Terramation releases no carbon and results in around 275 gallons of soil per person. Aquamation uses no fossil fuel and requires just 10% of the energy involved in traditional cremation, which relies on natural gas. 

Currently, the state’s only aquamation chamber is at First Call Plus of Washington, a mortuary services care center in Kent. 

The aquamation chamber represents a new method, even a new perspective, on laying human remains to rest. (Courtesy photo)

The company contracts with funeral homes across Washington, Oregon and even California, said owner Steve Webster. 

While it takes as much as five-and-a-half hours to dissolve the deceased—about twice the time of regular cremation—Webster said his business is working with their chamber’s manufacturer to further refine the process and bring down process times by up to an hour. 

There aren’t many aquamation chamber manufacturers, either: one each in the United Kingdom and the United States. The chambers are costly, starting at around $240,000, Webster said, and go through between 250 and 350 gallons of water per process, similar to what an average household uses in a day. 

In drought-prone areas such as Southern California, the practice might receive a bit more pushback. But even here, Webster said process water could be re-used several times, or nonpotable greywater or rainwater could be utilized. 

Even the post-process water offers something environmentally friendly.

When hydrolysis ends, the remaining liquid is typically poured down a drain. But the dark-brown fluid, a combination of water and organic substances, is also a viable fertilizer for plants. 

“I don’t believe that it really has a purpose for apples and oranges,” Webster said. “But … we could use it for wheat, for biodiesel, for trees that are used for construction timber, even the flowering pots that we have in our city.” 

While it’s rare, Webster said some families have requested a few gallons of the liquid to use in their gardens, allowing their deceased loved ones to literally propagate one more legacy. 

Changing views

The Catholic Church and other religious organizations have long opposed and in some cases forbidden cremation, but some clergy have modified their views.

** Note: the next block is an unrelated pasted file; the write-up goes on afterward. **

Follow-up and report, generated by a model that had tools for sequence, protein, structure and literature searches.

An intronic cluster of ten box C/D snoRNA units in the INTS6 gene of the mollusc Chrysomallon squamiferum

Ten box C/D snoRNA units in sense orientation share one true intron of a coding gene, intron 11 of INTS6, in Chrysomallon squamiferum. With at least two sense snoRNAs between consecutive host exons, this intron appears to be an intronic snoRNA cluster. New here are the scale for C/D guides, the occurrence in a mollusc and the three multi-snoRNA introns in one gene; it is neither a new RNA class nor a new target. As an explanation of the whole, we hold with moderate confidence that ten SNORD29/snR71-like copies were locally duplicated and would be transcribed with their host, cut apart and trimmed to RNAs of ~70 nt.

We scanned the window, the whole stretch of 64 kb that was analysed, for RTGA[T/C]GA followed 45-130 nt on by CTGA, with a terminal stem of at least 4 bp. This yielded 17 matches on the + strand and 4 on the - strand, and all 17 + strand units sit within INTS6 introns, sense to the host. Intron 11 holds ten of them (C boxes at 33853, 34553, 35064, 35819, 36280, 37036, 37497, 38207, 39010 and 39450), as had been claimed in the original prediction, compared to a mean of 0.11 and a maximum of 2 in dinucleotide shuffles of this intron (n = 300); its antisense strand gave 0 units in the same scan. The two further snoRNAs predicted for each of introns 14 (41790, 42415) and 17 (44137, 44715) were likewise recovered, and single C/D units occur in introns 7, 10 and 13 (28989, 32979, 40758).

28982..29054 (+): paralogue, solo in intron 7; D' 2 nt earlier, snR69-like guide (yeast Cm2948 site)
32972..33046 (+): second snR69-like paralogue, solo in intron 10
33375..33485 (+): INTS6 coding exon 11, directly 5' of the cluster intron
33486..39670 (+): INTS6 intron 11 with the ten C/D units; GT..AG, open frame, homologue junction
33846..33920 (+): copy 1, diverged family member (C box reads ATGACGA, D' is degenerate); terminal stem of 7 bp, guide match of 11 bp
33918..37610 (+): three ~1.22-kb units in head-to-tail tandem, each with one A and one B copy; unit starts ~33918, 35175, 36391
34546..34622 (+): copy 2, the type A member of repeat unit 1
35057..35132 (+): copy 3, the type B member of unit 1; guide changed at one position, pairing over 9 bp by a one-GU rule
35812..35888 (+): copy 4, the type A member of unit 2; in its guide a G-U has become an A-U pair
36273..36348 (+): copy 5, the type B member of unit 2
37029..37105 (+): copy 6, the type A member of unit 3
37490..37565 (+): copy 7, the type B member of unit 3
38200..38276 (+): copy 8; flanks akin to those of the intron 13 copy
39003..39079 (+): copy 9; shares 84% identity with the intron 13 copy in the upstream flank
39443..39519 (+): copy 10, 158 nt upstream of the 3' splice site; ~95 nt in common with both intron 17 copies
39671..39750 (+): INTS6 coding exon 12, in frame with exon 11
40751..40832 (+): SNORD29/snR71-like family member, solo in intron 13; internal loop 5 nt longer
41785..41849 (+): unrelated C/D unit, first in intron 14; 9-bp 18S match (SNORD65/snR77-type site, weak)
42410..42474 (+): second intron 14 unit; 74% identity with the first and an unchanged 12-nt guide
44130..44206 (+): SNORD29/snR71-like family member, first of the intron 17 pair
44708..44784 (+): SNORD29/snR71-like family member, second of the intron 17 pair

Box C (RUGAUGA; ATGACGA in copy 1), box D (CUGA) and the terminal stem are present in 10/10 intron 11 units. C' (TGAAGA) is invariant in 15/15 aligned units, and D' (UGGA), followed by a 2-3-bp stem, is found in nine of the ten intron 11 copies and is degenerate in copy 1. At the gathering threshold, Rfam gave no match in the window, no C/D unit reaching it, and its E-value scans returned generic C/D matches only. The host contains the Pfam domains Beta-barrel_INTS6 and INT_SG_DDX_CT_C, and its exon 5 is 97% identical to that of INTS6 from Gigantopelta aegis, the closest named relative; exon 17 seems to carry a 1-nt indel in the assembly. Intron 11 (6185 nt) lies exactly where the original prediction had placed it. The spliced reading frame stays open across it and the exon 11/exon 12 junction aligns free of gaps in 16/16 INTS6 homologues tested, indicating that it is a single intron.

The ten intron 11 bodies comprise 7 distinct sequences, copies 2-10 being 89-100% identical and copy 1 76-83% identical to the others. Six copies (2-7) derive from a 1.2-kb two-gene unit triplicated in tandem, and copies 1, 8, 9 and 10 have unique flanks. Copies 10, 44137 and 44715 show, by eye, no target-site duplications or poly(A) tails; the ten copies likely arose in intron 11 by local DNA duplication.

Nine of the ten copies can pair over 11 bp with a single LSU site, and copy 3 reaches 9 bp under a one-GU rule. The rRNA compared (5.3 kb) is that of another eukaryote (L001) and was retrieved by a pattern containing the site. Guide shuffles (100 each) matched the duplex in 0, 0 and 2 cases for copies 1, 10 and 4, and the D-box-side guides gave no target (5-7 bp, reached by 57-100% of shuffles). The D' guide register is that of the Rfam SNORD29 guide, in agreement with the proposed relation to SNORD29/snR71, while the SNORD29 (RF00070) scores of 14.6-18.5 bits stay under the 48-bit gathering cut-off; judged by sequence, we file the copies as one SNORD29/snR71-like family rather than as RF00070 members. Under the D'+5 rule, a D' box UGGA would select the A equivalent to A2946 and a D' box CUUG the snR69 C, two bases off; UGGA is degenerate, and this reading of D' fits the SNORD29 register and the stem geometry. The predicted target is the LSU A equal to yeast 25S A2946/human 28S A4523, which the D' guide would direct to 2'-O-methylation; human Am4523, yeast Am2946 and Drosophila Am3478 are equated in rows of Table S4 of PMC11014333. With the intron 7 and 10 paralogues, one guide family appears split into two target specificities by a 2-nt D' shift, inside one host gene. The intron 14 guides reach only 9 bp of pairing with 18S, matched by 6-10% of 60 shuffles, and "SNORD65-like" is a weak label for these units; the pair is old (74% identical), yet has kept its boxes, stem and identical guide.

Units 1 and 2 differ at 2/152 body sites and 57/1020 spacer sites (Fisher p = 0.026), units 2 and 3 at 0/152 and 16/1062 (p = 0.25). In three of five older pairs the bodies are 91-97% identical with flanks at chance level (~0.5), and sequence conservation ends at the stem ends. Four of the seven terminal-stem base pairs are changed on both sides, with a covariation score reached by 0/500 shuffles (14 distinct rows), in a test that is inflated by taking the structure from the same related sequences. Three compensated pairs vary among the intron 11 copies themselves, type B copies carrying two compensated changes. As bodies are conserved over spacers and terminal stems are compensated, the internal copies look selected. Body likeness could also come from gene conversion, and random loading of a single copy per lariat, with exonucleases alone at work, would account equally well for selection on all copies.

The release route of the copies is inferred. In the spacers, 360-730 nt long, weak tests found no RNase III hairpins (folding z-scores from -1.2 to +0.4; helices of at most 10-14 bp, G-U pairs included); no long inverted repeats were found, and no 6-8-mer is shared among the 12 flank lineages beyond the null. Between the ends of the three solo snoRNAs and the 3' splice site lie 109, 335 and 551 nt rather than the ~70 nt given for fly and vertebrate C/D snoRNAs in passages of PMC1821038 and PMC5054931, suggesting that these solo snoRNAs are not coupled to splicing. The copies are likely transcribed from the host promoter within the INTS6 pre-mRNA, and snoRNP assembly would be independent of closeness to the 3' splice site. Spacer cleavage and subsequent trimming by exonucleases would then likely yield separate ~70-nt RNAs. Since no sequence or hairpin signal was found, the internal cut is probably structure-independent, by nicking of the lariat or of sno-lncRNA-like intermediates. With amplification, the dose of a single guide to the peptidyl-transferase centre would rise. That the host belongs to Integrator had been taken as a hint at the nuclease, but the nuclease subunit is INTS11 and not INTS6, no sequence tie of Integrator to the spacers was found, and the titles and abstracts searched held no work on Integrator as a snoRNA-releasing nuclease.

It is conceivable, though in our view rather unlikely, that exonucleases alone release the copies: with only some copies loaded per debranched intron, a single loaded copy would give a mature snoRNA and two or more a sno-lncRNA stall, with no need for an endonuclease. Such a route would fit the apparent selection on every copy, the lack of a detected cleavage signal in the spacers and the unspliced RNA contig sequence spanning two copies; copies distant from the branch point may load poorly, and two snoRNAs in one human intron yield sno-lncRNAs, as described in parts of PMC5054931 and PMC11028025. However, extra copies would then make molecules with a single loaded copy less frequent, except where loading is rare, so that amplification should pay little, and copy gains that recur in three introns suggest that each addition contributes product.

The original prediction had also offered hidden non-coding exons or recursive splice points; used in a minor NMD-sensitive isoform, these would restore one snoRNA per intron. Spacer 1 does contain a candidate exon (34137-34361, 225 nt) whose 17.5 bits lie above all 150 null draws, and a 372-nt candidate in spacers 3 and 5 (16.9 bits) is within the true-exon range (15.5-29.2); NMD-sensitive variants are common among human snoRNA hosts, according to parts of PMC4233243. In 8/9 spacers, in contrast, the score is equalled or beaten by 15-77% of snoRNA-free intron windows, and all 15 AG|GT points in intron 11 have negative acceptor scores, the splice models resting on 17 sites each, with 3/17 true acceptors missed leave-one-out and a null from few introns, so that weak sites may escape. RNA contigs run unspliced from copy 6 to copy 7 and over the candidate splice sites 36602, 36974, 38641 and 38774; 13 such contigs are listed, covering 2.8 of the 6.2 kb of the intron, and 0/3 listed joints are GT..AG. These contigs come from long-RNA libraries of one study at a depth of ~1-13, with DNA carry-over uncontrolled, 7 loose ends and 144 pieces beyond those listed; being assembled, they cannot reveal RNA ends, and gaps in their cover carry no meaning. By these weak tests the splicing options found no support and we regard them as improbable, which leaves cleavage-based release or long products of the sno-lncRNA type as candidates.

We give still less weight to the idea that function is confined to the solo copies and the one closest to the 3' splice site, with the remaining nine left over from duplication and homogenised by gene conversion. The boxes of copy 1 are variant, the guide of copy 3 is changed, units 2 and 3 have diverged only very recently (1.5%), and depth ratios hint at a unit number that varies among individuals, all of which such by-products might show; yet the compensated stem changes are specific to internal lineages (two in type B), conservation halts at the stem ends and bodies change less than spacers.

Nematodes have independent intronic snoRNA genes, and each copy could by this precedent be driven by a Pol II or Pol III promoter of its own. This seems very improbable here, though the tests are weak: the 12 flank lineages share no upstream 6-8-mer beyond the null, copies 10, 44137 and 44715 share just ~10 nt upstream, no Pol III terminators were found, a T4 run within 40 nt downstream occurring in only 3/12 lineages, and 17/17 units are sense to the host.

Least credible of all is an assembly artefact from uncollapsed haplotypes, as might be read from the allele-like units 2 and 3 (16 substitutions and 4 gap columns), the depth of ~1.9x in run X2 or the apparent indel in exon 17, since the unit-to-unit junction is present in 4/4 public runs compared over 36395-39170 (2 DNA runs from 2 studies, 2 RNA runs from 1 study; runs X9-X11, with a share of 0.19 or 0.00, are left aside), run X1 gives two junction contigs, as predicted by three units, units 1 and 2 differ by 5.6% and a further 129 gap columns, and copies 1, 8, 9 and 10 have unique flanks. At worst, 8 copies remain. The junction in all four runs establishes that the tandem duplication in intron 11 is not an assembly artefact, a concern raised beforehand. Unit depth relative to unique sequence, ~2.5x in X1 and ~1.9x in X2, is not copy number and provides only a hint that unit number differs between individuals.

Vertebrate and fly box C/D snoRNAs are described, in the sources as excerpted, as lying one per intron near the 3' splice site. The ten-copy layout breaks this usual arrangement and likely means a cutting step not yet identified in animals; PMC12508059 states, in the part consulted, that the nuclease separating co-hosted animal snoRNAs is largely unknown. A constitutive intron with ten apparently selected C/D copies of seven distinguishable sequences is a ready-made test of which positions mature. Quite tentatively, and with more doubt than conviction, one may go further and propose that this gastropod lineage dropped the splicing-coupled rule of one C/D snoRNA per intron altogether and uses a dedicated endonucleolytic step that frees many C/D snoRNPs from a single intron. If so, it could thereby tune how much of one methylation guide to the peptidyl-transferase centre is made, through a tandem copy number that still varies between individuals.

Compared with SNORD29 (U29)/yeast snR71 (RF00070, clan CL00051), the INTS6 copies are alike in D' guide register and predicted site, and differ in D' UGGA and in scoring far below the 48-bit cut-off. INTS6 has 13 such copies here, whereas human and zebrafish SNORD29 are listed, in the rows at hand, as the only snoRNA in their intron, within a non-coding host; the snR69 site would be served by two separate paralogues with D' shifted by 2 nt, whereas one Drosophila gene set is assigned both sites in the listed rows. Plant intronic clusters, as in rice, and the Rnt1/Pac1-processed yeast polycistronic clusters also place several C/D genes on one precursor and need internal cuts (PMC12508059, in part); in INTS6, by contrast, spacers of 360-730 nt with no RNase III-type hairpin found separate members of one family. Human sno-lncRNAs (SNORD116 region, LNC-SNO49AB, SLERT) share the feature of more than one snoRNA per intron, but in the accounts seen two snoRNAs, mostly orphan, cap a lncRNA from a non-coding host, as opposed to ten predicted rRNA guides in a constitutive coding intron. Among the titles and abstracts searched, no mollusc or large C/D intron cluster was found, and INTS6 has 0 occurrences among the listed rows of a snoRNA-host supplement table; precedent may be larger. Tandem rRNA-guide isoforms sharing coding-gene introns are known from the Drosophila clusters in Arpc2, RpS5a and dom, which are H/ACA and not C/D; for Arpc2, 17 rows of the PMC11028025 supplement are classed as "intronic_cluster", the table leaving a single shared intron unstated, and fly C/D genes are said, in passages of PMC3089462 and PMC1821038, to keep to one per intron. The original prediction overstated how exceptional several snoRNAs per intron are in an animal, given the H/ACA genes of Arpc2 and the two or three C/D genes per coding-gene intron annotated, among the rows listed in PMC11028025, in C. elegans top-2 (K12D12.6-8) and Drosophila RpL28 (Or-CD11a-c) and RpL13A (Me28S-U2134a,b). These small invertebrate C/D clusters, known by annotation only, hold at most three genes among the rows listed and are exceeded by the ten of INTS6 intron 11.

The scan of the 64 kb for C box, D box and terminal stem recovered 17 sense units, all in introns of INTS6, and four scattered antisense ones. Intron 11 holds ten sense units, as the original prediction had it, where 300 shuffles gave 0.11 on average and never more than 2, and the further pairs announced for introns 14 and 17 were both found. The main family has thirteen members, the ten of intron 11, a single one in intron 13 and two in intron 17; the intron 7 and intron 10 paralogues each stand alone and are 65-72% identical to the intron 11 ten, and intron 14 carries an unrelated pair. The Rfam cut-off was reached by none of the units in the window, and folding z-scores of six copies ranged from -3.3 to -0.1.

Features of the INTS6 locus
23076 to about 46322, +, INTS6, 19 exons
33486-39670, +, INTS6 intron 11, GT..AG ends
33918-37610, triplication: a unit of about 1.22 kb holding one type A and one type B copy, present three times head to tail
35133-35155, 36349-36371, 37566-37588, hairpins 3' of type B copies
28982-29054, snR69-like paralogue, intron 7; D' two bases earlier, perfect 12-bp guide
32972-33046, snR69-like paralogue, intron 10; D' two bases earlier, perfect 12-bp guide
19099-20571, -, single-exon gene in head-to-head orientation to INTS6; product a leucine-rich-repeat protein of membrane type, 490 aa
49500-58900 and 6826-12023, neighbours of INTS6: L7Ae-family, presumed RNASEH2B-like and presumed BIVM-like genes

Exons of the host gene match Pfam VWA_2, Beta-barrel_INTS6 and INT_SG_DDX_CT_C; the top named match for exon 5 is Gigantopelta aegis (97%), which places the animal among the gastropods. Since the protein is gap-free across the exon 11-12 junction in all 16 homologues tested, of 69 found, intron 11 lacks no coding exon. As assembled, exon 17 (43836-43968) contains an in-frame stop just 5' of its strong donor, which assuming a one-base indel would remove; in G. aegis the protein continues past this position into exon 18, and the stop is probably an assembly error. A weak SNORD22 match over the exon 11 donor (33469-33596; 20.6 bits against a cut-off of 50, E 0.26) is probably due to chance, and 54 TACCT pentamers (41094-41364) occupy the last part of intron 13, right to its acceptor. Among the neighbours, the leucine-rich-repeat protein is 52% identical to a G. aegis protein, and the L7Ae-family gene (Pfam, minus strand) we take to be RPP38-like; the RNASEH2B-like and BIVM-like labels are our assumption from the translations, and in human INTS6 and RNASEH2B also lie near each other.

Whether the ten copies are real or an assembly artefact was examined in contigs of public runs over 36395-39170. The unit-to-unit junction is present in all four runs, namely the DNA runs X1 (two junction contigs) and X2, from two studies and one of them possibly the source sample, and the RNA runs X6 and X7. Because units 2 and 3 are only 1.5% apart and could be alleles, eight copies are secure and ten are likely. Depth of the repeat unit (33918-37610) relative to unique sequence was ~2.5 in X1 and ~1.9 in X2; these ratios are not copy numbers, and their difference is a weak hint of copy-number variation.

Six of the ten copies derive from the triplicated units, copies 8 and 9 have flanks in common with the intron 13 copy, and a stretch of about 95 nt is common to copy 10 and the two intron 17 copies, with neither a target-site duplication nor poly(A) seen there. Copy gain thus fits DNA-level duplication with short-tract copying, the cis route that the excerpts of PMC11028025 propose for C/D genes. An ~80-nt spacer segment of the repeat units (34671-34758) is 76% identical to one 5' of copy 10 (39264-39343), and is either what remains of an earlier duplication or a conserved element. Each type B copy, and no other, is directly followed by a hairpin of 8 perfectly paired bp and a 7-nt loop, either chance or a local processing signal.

Soon after First Call Plus began using aquamation, a Catholic priest stopped by to educate himself on the process. After being shown how it worked, Webster said he conceded the process was actually a pretty gentle way to send someone into the afterlife.

From the water of a mother’s womb to baptism against sin, the priest told Webster, knowing that someone could leave the world through water seemed an appropriate way to complete the life cycle. Sometime later, two bodies showed up with accompanying bottles of holy water to be added to the chamber. Webster isn’t sure if they came from the same priest, but he said it shows the growing acceptance of change in traditional funeral practices. 

“Really, it is an education-based thing,” he said. “We’ve almost seen a general acceptance, across the board, individually, from pastors and priests and other religious groups.”

About 1 in 10 cases involve the departed’s family witnessing the process. A short visitation time to say good-bye is provided before the body is prepared for departure. Webster said families are even given the opportunity to start the aquamation process themselves, courtesy of the computer screen the machine operates on. 

Although aquamation continues to cost more than traditional cremation, Webster said he believes the rising cost of natural gas may make prices comparable within the next decade. 

If business so far is any indication, the process is quickly growing in popularity: after installing its chamber in October 2020, First Call Plus handled about 30 cases through the end of the year. In 2021, that number rose to 300. This year they’re on track to hydrolyze 500 bodies. By next year, Webster expects about 1% of all Washington death dispositions to end with aquamation. 

“We were really planning for about 150 cases the first year, and 50% growth year-over-year after that, for the first five years,” he said. “It was twice what we expected.”

Even though aquamation demand exceeded his expectations, Webster said he wasn’t totally surprised.

“We live in the Pacific Northwest,” he said. “We’re surrounded by water. It feels like a very logical choice to have this in this area. It just feels complete to me.”

A personal choice

When the time comes, as Van Dyk and others have noted, there is much more to the decision than cost or environmental concerns.

Were it not for his D.C. background, Van Dyk said, he’d probably opt for cremation in his hometown of Bellingham. But since his wife died 26 years ago, he has considered his arrangements settled. This alleviates the burden on his children, who are spread out across the country.

When his wife and his parents died, Van Dyk was left with the burden of choosing their last wishes for them. Funeral homes, he said, tried guiding him towards more expensive caskets. In one instance, he was double-billed by a funeral home. 

While Van Dyk said he probably wouldn’t have opted for any of the newer disposition methods, he believes the last choices a person makes should be up to them. 

“To each their own,” he said. “I’m always for simple and unpretentious.” 

—Reported by Matt Benoit